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patrichwillemsandcrew.jpeg

Too Good For YouTube: Patrick (H) Willems

By Alberto Cox Délano | Film | September 17, 2021 |

By Alberto Cox Délano | Film | September 17, 2021 |


patrichwillemsandcrew.jpeg

We all know the ways YouTube has become a terrible place, but I don’t wish to dwell on it because, f**k it man, what’s left to be said? But the thing is, by way of its sheer scale, YouTube is full of content that is good. In fact, there are some remarkable creators that deserve to be highlighted because they are using YouTube the way it was supposed to be used: As a platform for independent creators with scant resources but making the best use of the digital film revolution, providing us with something new, good and insightful. Actual content creators.

You will be familiar with some of these creators (this is technically a review), but maybe you’ll discover some new ones. Whatever the case, I’m sure this series will only increase your sunken cost anxieties, after you realize you’ve spent hours watching content that is free (ignoring what they’re doing with your data), while you still have seven prestige series in your eternal watchlist for every streamer you’re signed up for. You’re welcome!

So, sit back, make sure you etc., etc., etc. to increase these creators’ visibility, as most of them are getting royally screwed by YouTube’s algorithm and demonetization.

OK, but Patrick (H) Willems is actually too good for YouTube

When I came with the idea for this series, I thought it’d be easier than making a career out of telling gamegaters that every guy women consider hot is actually a beta. After all, I spend hours watching great stuff on YouTube and I’ve seen many of this channel’s videos many times over. It’s just a matter of selecting a few of the best, describe what his deal is all about, and type in a few insights.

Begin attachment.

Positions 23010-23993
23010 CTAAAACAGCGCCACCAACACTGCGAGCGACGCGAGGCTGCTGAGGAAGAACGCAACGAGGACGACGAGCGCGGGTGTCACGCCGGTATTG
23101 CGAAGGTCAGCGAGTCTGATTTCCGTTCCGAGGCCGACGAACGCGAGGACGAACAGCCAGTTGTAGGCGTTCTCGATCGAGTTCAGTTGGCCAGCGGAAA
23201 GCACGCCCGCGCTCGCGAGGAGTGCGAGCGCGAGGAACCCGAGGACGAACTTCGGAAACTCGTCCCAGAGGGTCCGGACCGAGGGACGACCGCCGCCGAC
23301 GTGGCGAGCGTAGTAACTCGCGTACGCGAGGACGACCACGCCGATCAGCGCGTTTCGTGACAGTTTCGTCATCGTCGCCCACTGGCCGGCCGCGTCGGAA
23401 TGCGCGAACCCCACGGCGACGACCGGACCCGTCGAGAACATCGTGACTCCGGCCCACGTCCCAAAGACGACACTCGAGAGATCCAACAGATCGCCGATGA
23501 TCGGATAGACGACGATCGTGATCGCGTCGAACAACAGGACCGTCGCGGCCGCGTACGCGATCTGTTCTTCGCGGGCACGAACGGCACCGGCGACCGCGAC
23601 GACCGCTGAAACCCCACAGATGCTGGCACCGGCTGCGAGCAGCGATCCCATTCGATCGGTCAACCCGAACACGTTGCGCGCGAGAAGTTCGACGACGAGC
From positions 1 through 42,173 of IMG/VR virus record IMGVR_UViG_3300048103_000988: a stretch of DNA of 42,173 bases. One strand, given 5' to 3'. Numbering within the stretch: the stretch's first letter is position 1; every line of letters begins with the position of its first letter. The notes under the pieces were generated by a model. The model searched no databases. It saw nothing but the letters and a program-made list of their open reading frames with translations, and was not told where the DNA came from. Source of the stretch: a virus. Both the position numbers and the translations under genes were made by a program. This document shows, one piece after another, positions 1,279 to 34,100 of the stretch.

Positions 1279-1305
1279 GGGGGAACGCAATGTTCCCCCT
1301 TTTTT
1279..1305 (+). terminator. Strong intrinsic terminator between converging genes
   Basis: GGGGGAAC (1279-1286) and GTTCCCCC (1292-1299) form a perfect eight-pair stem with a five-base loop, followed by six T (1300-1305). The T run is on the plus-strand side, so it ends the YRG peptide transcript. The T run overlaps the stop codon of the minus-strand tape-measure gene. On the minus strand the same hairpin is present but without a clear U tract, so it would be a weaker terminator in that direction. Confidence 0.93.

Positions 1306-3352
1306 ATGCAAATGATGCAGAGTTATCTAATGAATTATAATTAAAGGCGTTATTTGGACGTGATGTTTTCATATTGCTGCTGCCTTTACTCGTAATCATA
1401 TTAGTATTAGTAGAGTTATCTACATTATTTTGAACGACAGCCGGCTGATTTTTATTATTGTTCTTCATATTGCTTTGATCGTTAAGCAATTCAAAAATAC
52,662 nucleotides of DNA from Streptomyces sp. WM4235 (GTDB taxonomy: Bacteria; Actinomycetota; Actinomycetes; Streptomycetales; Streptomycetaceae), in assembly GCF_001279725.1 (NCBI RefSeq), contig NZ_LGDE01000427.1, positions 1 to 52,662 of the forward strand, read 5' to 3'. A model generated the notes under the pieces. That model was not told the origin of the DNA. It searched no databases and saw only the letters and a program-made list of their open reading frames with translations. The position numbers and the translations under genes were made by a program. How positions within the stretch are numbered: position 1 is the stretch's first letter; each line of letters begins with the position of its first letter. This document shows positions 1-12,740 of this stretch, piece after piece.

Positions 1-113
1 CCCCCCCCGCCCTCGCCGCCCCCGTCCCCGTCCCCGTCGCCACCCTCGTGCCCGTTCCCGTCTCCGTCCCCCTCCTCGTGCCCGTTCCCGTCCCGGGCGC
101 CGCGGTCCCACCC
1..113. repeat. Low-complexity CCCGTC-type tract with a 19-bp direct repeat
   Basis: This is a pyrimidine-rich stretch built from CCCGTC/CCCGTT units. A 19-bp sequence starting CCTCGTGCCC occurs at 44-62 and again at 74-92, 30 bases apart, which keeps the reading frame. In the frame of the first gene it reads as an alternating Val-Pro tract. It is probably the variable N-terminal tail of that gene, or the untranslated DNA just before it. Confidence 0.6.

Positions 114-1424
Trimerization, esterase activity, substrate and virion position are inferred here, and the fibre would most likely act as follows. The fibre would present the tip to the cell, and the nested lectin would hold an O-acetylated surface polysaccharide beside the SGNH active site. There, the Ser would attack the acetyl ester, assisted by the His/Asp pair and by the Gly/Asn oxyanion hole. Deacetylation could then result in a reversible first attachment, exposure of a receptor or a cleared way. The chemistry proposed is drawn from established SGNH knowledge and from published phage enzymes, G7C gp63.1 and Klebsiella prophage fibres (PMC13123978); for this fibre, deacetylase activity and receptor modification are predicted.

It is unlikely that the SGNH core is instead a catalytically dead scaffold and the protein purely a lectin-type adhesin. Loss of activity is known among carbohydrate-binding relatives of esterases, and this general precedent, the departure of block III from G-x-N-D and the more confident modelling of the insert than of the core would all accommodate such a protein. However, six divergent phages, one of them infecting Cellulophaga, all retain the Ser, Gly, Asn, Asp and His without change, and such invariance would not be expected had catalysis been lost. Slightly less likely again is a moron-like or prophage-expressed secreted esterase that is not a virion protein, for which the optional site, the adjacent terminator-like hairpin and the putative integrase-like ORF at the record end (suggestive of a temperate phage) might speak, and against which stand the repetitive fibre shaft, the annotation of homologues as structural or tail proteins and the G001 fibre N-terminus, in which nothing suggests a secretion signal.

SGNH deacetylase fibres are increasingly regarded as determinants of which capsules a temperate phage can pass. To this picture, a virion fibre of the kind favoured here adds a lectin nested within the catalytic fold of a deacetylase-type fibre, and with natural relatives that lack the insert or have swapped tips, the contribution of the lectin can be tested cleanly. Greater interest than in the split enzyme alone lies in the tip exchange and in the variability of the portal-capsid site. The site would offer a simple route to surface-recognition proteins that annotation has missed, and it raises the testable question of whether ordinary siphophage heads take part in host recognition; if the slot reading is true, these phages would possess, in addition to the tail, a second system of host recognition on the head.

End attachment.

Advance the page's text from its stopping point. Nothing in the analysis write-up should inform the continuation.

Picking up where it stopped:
“How hard can it be?” (yes, phrasing, I know)

I had forgotten that Patrick (H) Willems and crew have been making remarkable content for more than five years now. Cince I’ve been living in a floating timeline since before the pandemic, time is a flat circle no longer than 18 months.

Trained in film aesthetics and filmmaking, his content includes shorts-subject films, sketches, and video essays on film and media, the core of the channel. The essays are usually integrated in a surreal, season long narrative arcs that sometimes helps frame the subject, sometimes just graze it, sometimes are just a trojan horse for the essay. These essays are as thorough, well researched, and insightful as any academic publication. They go way beyond the depleted hunting grounds of YouTube’s film commentariat.

Basically, Patrick (H) Willems (and crew) are what happens when you grab a proper nerd, someone who actually paid attention while studying film in college, has interests that go beyond the Marvel-DC-Star Wars-80s Mainstream Movies circle jerk, train him in cinematic filmmaking on no budget and let him loose. Let’s dive in

You might be familiar with his (and crew) most popular production so far: “What if Wes Anderson directed X-Men?”, resulting in a collection of nine “Alternate Universe Comic Book Movies,” including a Werner Herzog-directed Ant-Man, Batman by way Tommy Wiseau or Noah Baumbach’s Spider-Man. And yes, this would make for a substantially more interesting MCU and a slightly less chaotic DCEU